As you may or may not know about me, my goal in life (career-wise at least) is to create a company that cultivates support for women with chronic illnesses as they embark on becoming mothers. One of my dreams is that services provided will help to make up for the loss of midwifery-type support that towns and cities used to have, and combat the decrease of share “wise woman” spaces, but specifically in the context of helping women who have varying autoimmune or other chronic disorders.

In my dream scenario, this company I create is inspired by community and healthy social growth, devoted to bringing together all people, not just those who can pay, or who are healthy.

If I ever delved into having a physical space for the company (as opposed to being a traveling owner), the space would be free to visit (when not going to a scheduled appointment), and would have lots of nooks and tables and chairs for people to enjoy the space, and some days would have events that would have an entrance fee but it would be reasonable, and would include a free meal that my husband would make along with other perks like meet-the-community-support-team, free lectures/discussions, etc. We’d work with local hotels, bed and breakfasts, and other places that rent out rooms to make sure there were plenty of accommodations ready too, which would help bring money back into the town.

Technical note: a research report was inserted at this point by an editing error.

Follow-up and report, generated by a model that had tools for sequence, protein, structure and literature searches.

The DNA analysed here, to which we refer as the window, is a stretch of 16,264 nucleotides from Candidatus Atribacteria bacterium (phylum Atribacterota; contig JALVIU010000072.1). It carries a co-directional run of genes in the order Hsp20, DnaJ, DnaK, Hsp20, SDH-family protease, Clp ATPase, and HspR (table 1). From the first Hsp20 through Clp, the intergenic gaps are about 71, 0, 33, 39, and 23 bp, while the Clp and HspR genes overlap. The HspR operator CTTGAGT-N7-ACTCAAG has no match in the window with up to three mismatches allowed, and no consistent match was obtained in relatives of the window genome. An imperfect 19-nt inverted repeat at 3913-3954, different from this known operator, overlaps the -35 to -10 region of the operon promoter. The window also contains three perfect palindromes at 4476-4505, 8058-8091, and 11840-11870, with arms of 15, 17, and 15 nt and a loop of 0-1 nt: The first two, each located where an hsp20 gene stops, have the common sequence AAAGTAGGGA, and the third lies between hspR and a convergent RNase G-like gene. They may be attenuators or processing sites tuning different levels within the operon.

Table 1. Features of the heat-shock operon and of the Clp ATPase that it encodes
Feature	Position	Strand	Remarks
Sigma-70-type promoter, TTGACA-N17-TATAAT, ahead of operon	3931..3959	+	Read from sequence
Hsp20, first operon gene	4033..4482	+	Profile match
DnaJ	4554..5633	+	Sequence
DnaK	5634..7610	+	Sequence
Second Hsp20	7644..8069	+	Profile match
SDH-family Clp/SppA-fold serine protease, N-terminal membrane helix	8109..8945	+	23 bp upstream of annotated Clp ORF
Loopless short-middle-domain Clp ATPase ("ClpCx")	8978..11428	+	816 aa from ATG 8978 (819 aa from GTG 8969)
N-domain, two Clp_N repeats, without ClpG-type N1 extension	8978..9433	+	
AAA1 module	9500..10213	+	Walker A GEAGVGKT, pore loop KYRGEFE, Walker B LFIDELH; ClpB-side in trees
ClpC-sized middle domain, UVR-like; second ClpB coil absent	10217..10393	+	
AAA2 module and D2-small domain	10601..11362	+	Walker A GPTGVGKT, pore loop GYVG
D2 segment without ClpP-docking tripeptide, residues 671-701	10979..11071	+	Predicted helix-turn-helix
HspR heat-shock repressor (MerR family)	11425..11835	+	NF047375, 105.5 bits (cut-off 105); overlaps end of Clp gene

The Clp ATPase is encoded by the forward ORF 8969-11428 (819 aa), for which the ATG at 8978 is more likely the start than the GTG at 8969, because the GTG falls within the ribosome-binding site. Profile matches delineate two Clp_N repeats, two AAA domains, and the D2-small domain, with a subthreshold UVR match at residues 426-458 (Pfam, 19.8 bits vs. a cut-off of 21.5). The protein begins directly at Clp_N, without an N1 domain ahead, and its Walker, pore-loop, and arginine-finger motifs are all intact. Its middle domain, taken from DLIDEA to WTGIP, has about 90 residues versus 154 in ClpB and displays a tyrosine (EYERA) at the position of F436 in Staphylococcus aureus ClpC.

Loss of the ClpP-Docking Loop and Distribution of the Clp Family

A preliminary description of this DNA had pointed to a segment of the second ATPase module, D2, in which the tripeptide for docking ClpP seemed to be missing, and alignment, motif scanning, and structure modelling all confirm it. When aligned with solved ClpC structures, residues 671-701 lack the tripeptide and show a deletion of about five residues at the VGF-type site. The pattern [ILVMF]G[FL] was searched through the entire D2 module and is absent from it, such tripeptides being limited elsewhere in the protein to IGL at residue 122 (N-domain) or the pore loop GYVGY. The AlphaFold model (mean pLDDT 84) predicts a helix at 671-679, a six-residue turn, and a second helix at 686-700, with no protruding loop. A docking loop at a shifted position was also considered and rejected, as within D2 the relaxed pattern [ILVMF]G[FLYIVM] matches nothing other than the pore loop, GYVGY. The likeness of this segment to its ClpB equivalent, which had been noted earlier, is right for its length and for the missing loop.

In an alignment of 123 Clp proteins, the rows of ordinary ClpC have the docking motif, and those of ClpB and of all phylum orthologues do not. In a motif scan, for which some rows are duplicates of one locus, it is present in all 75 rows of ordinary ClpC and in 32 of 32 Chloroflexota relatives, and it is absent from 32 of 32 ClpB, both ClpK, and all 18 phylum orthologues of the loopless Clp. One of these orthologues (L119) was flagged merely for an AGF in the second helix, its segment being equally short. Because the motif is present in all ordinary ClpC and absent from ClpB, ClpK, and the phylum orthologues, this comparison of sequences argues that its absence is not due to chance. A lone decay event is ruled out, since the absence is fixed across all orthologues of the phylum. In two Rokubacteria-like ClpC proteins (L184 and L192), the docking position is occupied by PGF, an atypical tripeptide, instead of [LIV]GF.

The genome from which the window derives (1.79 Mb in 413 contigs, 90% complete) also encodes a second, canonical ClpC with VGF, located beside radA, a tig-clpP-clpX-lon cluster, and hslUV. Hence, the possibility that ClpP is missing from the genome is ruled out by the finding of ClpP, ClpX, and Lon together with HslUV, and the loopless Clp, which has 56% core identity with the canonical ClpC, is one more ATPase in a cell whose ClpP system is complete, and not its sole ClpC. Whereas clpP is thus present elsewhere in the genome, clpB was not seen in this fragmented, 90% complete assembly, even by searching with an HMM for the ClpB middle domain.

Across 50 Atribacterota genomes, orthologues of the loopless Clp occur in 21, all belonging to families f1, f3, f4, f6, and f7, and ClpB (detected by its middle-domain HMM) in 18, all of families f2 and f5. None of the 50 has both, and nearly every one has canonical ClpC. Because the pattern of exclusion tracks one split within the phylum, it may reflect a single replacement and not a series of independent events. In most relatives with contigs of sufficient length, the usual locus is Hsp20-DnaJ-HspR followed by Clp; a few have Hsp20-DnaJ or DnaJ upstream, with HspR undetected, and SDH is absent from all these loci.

Anyway, I could go on for days, but as a result of my lofty goal, I constantly have my eyes peeled for events or opportunities that bring about that community feel, especially in women’s health. 4th Trimester Arizona is one of those awesome events I learned of after it occurred. It seemed like the perfect fusion of mixing the community members (moms, dads, grandparents, etc) with local businesses, and with health/health care professionals, allowing for support and engagement for new moms and their families. The event included workshops, panels, free wellness services, a dad track, bonding activities, and more, all with the intent of strengthening community.